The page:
Main Article Content
new hotels, investment, crisis, lebanon, political conflict, insecurity
Purpose of the study: This research aims at understanding why investments in new hotels sustained in Lebanon during 2012 -2016 despite the unstable political situation that reigned over the country.
Methodology: It mobilizes a survey based on a total population sample of new hotels to explain the phenomenon and identify its determinants.
Main findings: Investments in new hotels in Lebanon during this crisis period are of a real estate form, encouraged by a number of factors, mainly the low cost of construction materials, the availability of a low waged Syrian manpower, the presence of investments loans and incentives from IDAL, a public agency and KAFALAT, a private one. These new hotels will operate as customized lodging facilities to cope with the growing AirBnB trend from one hand and with the increased demand from middle to high social class families of Syrian refugees.
Limitations: Limitations were mainly at the methodological level. Access to data at the Lebanese Ministry of Tourism and collection of data through questionnaires were the major challenges.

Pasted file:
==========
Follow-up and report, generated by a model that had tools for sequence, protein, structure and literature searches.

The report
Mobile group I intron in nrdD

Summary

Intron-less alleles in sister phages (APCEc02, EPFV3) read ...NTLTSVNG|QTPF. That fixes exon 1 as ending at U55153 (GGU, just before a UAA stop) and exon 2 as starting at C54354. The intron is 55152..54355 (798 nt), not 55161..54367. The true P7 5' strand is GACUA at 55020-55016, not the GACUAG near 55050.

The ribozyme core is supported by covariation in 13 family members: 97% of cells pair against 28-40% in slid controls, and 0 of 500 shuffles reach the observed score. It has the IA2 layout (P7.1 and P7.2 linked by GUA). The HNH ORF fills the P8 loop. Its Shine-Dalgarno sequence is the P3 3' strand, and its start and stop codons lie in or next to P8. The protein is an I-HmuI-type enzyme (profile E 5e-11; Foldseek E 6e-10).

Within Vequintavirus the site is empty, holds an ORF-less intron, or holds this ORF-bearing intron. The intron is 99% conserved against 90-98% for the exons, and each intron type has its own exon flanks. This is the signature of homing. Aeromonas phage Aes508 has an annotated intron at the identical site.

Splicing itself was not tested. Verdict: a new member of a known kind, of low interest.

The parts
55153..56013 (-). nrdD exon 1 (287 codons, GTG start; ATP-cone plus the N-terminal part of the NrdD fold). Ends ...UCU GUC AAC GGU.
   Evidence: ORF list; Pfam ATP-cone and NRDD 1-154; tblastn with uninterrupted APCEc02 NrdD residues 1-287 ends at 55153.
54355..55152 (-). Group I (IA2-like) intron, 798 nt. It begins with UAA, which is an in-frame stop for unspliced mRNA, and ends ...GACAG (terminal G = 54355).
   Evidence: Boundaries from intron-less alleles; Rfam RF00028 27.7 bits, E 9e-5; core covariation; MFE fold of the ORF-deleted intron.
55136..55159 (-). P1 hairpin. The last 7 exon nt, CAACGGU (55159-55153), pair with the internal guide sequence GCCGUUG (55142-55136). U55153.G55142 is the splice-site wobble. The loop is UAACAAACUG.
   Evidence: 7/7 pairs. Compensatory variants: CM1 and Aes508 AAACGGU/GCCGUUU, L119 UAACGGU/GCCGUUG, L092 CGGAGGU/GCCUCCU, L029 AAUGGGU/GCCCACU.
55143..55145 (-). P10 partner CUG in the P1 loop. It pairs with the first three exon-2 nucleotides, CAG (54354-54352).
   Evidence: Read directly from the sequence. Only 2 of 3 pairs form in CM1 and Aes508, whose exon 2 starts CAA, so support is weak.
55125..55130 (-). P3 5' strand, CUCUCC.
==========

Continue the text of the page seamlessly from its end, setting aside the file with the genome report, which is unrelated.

Implications: The analysis of the phenomenon allows a better understanding of its elements, factors and process. Therefore, concerned parties could benefit from it and take appropriate corrective measures where needed and/or adapt existing measures to changes in the hospitality industry in Lebanon. Also, researchers could connect the results to the literature related to post-crisis tourism to reveal promising research tracks.
Originality/Novelty of the study: Theoretically, crises periods in a destination are not favorable for hotels investments. Yet, Lebanon witnessed during the critical period of 2012 – 2016 the construction of new hotels all over its territory. This phenomenon raises questions about the drives of these investments, their source of capitals and their process of decision making. The findings depict new insights regarding investments in new hotels during crisis period. They are basically real estate investments, virtually designed to be hotels but operate as customized lodging facilities.
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